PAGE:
AUDIE CORNISH, HOST:
The decision by 49ers quarterback Colin Kaepernick to sit during the national anthem has opened many conversations about patriotism, tradition and America's history of racism. Youth Radio's Riley Lockett talked to young people in the Bay Area grappling with their own decisions about whether to stand for the anthem.
RILEY LOCKETT, BYLINE: Seventeen-year-old Garrison Pennington is a hard-core 49ers fan and a self-identified patriot, so his current feelings about quarterback Colin Kaepernick are complicated.
GARRISON PENNINGTON: So I actually found out from my dad, who came from the football perspective of - what is he doing? I don't want to see that happening. This is football. This isn't politics. Stay out of it. And when my dad talked to me about it, at first, I completely agreed with him.
LOCKETT: Garrison says he's the kind of guy who always stands for the flag. But then he noticed how Kaepernick's actions were making people actually talk about important topics, like racism and what it means to be patriotic.
PENNINGTON: You have to have someone who's willing to stand up or, in this case, sit down to bring attention to those issues.
DOMINIC ALTIERI: All right, what's the First Amendment? What does it say?
UNIDENTIFIED CHILD: Pretty much, Congress shall make no law respecting an establishment of...
LOCKETT: Eighth-grade history teacher Dominic Altieri is also talking about Kaepernick's actions, but in terms of the Bill of Rights.
ALTIERI: This is made for middle school. Yeah, this one is - this is tailor-made for a middle school topic.
LOCKETT: Altieri teaches at Synergy School in San Francisco. For today's discussion, he splits his class into groups with different assignments. Gabrielle Manion, Kaia Levy-Kanenaga and Tomi Osawa are researching the reasons people are mad about Kaepernick sitting out.
GABRIELLE MANION: It's good to, like, put your hand over your heart and stand up, but I don't get why you would have - why do you have to do that at, like, like, a national football game or something?
KAIA LEVY-KANENAGA: Yeah, it makes sense at the Olympics, but we're all in America when we play football.
TOMI OSAWA: And also, a lot of people are mad because they're saying, like, he's disrespecting the military because, you know, they're fighting for his right for freedom of speech.
KAIA: Really just mixed right now. Like, it's just - it doesn't make sense, but it was a good point. Like, what he was saying was good.
LOCKETT: Gabrielle is black. And if she were in Kapernick's shoes...
GABRIELLE: I think I would stand. But, I mean, like, if it gets worse, I don't know.
LOCKETT: I get why she's conflicted. I'm black. And growing up, my mom always made sure I knew the history of black people in America. She made me watch documentaries about slavery, civil rights, police brutality. You get the picture. I'm 15 now. And up to this point, I never really thought about the connection between racism and the national anthem or the Pledge of Allegiance that much. Is it really that big a deal? It is to Amanda Augustin. She's 17 and says she often stands for the flag, only because people get mad when she doesn't. But she won't put her hand on her heart.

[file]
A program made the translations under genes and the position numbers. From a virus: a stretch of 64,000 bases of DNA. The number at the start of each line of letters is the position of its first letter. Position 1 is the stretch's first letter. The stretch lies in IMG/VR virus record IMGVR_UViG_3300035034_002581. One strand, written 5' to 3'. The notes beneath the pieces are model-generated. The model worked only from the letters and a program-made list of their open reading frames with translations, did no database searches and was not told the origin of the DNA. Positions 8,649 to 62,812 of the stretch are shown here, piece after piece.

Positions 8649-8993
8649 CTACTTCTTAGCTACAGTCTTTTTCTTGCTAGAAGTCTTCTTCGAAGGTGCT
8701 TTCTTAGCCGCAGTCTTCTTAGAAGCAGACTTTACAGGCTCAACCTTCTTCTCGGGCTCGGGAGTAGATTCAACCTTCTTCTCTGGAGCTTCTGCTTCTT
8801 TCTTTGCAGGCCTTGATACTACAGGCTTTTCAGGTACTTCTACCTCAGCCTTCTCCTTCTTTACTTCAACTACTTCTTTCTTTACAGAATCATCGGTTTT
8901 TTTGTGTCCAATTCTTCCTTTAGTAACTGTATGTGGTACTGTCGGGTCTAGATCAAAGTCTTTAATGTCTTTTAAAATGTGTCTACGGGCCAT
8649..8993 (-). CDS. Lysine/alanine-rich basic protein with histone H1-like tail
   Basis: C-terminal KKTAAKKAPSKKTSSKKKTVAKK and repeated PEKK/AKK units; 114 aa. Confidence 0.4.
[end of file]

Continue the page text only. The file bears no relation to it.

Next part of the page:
AMANDA AUGUSTIN: Or sing or recite the pledge, simply because I don't believe it's true. I believe if I were to say that I live in a country and pledge my allegiance to a country that has liberty and justice for all, then I would be lying.
LOCKETT: Though that doesn't mean she's giving up on her country.
AUGUSTIN: I do believe that, like, it should be love it or fix it. If country is not, you know, doing for you as it should, it doesn't mean you should abandon it. That's not patriotic to me. It's fix it.
LOCKETT: Back in the classroom, the eighth graders are wrapping up their lesson. As they head to lunch, their conversation keeps going about patriotism, racism and police violence. These kids might seem kind of young for such a heavy conversation, but Altieri says, given the world we live in, it's necessary.
ALTIERI: There's sadness that we still have to deal with this, but there's no sadness in someone waking up or someone realizing that things aren't the way they should be.
LOCKETT: The 49ers' first regular-season game is Monday. And with lots of young people watching, Kaepernick says he plans to sit again for the national anthem. For NPR News, I'm Riley Lockett.
CORNISH: And that story was produced by Youth Radio.
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